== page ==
Lonely Planet review for Sognefjellet Road
Snaking through the park (and providing access to many of the trailheads) is the stunningly scenic Sognefjellet Road, billed as 'the road over the roof of Norway'. It connects Lustrafjorden with Lom and was constructed in 1939 by unemployed youths to a height of 1434m, making it the highest mountain road in northern Europe and providing those with a vehicle a taste of some of Norway's finest mountain panoramas. So fine is the road that it has been chosen as one of 18 'National Tourist Routes'.
Access from the southwest is via the multiple hairpin bends climbing up beyond the tree line to Turtagrø, with a wonderful vista of the Skagastølstindane mountains on your right. If you're coming from Lom, the ascent is more gradual, following beautiful Bøverdalen, the valley of the Bøvra River, with its lakes, glacial rivers, grass-roofed huts and patches of pine forest. The road summit on Sognefjell offers superb views.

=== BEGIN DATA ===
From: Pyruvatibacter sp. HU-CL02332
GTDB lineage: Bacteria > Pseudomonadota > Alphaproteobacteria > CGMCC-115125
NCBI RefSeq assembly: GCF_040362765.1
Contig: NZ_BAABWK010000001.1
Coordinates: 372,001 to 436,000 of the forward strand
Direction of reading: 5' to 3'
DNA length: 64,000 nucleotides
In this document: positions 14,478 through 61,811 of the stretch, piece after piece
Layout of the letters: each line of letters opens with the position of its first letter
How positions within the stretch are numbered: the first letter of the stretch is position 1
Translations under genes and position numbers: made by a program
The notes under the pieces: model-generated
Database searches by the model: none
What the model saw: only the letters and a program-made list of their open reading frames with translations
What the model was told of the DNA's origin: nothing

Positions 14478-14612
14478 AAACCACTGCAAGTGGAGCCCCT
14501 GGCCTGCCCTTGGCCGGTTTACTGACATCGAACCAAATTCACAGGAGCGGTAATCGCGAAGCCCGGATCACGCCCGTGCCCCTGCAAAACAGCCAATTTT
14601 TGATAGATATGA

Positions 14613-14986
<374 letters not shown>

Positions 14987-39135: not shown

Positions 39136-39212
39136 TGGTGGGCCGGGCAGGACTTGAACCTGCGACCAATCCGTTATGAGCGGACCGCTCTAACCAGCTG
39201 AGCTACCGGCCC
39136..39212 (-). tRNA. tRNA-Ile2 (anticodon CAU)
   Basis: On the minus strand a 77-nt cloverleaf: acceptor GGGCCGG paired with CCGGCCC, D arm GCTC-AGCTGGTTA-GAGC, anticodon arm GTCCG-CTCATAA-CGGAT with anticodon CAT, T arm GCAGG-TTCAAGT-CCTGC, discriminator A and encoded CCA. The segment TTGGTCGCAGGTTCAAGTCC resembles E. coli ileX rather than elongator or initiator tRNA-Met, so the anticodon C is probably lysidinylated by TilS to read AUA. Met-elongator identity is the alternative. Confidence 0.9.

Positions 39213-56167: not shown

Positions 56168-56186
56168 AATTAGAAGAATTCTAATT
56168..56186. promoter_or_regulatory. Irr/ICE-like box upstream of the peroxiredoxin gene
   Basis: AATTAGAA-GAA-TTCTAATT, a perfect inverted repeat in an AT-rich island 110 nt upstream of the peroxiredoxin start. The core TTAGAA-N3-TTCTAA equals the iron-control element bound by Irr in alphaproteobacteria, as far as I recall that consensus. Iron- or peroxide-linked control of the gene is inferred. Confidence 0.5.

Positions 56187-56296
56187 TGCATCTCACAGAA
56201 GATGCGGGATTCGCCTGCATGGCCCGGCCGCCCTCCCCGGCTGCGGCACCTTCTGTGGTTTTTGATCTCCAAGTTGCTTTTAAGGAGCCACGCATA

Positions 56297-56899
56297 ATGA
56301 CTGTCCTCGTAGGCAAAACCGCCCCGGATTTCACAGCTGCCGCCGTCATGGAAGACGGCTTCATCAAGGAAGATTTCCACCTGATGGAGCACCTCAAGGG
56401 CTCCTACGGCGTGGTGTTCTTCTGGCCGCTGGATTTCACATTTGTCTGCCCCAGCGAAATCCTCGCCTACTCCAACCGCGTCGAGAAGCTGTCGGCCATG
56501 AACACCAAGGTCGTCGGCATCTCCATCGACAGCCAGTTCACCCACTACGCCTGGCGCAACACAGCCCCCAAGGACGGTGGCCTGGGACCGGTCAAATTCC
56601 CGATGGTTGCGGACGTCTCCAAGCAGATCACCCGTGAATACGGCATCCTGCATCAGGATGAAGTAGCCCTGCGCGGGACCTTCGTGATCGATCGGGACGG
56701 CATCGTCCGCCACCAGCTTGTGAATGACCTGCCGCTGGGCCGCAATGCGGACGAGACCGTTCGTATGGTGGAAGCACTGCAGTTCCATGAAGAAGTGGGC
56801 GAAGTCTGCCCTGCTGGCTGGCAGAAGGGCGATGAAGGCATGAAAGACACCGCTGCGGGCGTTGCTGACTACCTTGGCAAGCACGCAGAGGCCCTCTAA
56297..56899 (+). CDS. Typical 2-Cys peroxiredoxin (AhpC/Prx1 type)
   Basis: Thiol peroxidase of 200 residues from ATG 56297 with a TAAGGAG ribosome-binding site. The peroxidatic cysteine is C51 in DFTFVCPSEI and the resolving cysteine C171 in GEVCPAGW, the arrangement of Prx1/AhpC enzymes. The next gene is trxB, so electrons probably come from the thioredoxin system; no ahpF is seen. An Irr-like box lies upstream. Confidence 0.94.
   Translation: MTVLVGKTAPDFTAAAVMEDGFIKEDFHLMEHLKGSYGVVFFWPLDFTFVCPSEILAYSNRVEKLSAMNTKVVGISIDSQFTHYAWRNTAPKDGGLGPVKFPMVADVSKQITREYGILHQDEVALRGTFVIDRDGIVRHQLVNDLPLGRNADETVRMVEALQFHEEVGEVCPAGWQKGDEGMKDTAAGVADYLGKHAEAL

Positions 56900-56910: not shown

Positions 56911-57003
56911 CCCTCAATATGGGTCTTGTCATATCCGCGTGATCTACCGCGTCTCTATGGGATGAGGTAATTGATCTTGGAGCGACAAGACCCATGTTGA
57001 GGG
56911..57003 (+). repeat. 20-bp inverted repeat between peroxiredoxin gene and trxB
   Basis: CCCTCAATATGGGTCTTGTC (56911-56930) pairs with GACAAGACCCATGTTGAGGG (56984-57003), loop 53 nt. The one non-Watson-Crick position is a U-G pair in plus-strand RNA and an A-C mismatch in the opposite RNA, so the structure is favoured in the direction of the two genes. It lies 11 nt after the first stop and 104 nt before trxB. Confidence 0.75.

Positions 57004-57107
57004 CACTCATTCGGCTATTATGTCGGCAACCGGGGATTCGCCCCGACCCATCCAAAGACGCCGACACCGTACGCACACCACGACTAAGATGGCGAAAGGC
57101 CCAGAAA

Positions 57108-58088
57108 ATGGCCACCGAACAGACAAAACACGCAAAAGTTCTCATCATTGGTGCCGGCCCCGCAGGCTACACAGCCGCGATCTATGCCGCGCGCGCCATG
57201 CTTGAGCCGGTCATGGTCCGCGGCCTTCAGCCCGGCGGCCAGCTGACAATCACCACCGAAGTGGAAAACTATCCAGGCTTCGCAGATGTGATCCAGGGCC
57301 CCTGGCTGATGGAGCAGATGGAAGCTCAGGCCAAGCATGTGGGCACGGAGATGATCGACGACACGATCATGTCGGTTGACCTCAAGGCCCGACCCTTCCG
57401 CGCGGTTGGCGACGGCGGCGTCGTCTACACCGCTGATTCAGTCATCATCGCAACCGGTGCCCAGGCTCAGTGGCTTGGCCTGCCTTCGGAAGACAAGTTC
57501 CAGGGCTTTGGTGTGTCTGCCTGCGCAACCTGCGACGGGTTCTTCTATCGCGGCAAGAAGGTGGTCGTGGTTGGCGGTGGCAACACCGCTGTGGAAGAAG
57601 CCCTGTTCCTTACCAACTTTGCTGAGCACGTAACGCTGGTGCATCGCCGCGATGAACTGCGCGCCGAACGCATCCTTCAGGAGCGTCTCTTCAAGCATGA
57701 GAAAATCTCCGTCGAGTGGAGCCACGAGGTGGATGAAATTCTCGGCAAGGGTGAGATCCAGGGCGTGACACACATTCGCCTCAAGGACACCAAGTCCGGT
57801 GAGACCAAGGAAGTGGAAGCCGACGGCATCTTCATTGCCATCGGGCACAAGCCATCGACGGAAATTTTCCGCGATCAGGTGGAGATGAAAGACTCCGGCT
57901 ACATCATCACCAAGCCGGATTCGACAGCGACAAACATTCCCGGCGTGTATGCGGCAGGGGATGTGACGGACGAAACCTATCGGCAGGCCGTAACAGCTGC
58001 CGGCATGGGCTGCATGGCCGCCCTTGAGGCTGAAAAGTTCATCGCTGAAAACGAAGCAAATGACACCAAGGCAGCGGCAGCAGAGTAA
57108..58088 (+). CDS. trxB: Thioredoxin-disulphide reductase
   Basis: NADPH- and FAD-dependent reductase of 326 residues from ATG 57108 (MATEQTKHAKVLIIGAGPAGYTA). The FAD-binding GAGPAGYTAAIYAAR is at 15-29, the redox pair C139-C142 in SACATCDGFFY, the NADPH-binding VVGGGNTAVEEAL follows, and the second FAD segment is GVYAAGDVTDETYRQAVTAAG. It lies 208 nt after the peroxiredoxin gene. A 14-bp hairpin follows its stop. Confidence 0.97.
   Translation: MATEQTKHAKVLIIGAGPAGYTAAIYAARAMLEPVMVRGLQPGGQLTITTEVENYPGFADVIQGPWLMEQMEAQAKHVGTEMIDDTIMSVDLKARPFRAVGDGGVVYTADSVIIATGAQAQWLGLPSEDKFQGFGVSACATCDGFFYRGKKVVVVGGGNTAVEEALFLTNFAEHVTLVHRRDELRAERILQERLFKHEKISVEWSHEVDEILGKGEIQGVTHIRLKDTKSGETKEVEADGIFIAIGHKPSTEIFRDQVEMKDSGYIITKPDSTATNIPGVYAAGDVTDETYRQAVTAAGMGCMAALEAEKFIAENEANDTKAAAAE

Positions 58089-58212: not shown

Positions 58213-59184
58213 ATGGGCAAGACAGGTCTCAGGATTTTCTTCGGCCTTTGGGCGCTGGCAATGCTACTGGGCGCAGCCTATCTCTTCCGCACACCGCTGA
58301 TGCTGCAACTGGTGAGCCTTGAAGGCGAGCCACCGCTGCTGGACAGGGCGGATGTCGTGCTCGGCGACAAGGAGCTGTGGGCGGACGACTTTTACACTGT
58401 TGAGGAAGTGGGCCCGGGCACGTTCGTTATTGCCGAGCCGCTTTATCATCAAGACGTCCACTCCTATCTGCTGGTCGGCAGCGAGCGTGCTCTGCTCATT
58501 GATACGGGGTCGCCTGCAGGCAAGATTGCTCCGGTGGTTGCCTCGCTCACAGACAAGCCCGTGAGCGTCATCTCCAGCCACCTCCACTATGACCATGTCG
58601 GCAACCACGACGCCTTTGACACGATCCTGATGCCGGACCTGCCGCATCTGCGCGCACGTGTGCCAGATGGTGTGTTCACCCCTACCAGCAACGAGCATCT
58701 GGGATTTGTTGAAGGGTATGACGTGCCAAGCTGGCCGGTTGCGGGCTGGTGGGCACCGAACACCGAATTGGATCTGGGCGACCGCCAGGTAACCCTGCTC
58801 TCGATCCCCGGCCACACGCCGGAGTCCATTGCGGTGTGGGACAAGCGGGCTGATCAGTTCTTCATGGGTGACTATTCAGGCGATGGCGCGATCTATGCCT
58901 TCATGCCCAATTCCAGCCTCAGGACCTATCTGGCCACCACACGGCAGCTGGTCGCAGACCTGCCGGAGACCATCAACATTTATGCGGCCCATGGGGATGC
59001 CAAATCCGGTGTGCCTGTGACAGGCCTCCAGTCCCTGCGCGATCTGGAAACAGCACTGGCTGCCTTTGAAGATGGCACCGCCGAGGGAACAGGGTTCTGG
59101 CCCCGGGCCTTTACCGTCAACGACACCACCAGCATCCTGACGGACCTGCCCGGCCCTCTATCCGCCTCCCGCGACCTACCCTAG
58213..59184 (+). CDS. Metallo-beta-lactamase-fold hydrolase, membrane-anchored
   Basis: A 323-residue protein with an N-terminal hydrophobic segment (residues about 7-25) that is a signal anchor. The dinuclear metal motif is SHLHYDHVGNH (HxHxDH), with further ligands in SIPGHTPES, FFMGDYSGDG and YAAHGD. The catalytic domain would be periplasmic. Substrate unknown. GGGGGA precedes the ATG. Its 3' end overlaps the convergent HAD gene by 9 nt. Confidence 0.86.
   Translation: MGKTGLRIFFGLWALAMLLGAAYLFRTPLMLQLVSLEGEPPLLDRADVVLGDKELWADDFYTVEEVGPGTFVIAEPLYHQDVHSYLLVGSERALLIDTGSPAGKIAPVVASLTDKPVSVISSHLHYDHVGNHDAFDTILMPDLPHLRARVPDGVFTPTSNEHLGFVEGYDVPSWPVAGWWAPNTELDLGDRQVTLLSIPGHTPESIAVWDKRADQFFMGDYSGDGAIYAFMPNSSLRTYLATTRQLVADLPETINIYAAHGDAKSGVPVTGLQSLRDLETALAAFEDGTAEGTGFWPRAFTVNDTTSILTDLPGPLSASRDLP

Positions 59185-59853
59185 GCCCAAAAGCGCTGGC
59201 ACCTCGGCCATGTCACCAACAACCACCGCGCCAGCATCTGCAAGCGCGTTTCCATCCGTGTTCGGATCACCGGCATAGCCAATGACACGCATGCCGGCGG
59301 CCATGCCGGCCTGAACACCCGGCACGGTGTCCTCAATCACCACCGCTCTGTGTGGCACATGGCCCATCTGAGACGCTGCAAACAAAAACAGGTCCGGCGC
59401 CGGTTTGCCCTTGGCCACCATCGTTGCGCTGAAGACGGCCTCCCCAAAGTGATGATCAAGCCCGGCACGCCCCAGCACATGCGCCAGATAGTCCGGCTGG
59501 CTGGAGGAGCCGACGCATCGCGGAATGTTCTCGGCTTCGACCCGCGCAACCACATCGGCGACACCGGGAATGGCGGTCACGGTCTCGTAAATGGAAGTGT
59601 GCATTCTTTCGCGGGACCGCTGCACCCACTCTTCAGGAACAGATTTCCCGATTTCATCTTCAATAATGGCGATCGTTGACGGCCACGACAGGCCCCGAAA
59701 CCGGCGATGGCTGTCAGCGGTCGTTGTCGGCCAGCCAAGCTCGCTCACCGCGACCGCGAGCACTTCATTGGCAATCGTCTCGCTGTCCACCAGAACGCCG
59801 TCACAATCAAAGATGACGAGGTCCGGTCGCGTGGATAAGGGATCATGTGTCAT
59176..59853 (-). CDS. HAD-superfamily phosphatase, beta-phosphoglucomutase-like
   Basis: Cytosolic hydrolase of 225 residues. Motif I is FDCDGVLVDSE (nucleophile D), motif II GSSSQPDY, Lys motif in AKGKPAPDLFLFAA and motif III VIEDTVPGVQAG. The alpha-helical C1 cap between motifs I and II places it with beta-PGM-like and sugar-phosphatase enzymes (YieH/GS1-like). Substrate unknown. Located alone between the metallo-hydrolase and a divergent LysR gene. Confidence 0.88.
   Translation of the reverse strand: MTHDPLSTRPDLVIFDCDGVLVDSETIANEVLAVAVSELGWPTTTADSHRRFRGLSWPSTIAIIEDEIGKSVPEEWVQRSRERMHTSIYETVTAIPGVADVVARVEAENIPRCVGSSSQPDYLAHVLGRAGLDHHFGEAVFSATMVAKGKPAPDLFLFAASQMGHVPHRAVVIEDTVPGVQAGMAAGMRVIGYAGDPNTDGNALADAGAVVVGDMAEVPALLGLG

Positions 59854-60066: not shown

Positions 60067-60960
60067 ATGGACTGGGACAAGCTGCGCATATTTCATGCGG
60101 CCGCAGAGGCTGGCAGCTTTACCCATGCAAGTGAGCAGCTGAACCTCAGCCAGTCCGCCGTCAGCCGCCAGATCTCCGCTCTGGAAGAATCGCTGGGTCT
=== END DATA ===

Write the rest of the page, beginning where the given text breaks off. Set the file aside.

The snow sometimes doesn't melt until at least early July, although the road is usually open from May to September. Even so, at higher elevations visitors should prepare for new snow at any time of year. The road can get very narrow and snow is often piled metres-high on either side of the road. There are plenty of places to pull over and allow cars to pass (not to mention admire the spectacular view) and there are ample camping and other accommodation options lining the road.
Although this road is mainly traversed by motorised transport, the Sognefjellet Road also has legendary status among cyclists and frequently appears on a list of the world's most spectacular cycle routes. It's a serious undertaking that requires high levels of fitness and perfect brakes, but if you're a cyclist there are few finer roads in Norway.
From mid-June to late August, Ottadalen Billag Buses run between Otta and Sogndal via Sognefjellet Road.